A dear writing friend once told me to take a character and determine what could be the worst possible thing you could do to them…then do it. You have to know more about your character to begin with, right?

If I don’t have a solid character foundation, then how can I create rules that I have to follow, or break, in order to complete the story?

For the duration of this world building break down, I’m going to use a current work in progress: Seduced in Shadow.

I knew I wanted a story that involved curses and elves. I mean, after all, no one does a curse like an elf does, right? I’ve always been fascinated by handsome, charismatic men who were vile, and terrible characters. So I knew I’d have a gorgeous male villain. Who would he be? He would have to be a blood relative of my hero, because cursing your own blood brings the hammer of doom on you as well…*rubs hands together in glee* Key things to remember, almost all bad guys will justify their behavior as the right thing. It’s rare in human nature for a person to knowingly do a bad thing just because it’s the wrong thing to do. There has to be a motivation. For my character, he feels that he was cheated of his birthright, and the destruction of his brother is worth any pain on his part. The call of the self-righteous…but he was mad to being with, see?

What about the hero/antihero? He would have to be my fallen angel. Trapped in a curse and forced to do the one thing he would have hated more than anything. And all this to keep his brother in power. He had to make a mistake, a horrible mistake, that put him in this place. Every waking moment would be a reminder of his that moment. He would be forced to relive his agony for as long as the curse held. I like tortured heroes, can you tell?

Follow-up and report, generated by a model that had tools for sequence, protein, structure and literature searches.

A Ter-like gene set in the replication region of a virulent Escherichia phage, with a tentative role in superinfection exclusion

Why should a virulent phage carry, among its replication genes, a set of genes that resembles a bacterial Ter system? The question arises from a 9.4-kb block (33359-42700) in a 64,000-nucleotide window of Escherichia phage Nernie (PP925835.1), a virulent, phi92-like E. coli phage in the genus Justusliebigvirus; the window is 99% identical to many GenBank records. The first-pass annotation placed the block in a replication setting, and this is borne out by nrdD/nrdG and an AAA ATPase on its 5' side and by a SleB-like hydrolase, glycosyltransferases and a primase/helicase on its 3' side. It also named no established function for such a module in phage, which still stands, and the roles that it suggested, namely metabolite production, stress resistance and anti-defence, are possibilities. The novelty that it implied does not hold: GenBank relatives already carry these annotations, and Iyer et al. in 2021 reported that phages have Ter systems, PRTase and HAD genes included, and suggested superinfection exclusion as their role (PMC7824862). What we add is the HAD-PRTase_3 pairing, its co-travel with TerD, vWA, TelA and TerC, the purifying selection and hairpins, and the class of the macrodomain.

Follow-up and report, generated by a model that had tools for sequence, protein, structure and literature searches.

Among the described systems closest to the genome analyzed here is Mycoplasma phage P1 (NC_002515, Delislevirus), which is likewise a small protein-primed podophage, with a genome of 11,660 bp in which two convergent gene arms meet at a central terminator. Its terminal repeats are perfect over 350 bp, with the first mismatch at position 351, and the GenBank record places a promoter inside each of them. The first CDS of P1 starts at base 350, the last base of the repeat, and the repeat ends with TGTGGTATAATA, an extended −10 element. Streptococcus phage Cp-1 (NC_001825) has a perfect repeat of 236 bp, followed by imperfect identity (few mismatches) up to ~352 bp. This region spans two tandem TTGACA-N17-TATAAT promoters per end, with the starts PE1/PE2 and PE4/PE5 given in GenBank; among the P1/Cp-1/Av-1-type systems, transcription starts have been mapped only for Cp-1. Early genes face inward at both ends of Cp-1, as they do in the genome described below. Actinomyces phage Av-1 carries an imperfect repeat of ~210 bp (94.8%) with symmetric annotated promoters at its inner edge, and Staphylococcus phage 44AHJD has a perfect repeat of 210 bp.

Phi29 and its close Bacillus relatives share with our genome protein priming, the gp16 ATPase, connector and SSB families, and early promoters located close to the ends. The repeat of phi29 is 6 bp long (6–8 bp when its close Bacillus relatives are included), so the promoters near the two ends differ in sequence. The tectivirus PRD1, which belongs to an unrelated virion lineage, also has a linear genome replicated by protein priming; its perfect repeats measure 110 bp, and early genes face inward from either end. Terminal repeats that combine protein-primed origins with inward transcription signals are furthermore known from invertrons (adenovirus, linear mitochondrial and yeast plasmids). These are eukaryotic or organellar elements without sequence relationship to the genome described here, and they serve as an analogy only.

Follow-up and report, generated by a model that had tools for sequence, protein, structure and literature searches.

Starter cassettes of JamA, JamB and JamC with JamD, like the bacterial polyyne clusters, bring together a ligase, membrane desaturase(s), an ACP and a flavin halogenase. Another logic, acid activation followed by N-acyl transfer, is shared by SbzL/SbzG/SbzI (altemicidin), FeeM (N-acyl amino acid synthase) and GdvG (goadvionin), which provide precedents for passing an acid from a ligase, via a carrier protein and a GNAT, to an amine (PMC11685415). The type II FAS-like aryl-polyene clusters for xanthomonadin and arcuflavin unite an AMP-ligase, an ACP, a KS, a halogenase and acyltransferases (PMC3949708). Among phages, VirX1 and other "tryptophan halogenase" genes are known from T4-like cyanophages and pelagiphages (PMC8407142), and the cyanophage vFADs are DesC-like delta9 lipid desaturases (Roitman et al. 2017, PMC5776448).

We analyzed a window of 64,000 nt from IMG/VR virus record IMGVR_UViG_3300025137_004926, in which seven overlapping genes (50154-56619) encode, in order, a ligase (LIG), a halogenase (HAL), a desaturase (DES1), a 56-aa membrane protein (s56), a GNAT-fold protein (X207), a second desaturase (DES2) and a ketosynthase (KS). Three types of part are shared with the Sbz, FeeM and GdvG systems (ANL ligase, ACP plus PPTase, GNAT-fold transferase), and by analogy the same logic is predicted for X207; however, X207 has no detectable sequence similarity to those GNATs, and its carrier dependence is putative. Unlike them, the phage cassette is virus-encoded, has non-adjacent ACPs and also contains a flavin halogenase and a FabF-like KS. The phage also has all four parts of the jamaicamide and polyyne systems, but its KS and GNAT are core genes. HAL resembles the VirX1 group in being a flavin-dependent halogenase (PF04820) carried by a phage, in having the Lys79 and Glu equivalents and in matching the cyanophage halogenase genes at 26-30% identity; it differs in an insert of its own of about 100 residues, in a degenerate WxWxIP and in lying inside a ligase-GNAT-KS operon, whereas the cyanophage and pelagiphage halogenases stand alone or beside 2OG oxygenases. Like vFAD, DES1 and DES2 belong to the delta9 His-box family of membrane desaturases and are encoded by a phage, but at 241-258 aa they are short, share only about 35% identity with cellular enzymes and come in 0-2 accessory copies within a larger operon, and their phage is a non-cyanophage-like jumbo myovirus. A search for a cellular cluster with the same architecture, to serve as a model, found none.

This is getting good!

Now for the heroine. Here is where it gets tricky. I need a lady who is strong enough to save the hero (and in turn, save herself), smart enough to find a way out of the mess she’s fallen into, and vulnerable enough to gain the trust of the reader. And here’s the key…I have to like her…or I’m going to write her death a thousand times. I’ve done it. I know. There has to be a very important reason for her to be there, a very special something making her a catalyst between these two powerful (and delicious) men.

I’ll leave that one for another workshop day.

World Building

In Software, Workshops on April 28, 2011 at 6:25 pm

When I take on a new project, I have to thoroughly break down the background information. Who this character is, why they do what they do, where they grew up, and where they live now.

If it’s parnormal, I create rules…very specific rules with the understanding that if these rules are broken (after I create them), something catastrophic will happen.

I draw maps (or find them), take notes on rooms of a home that I would come back to time and again, and document little tidbits of information that need to be leaked out for the overal story arc. I also have pictures of the hero, heroine, and all major characters. But where do I put them all?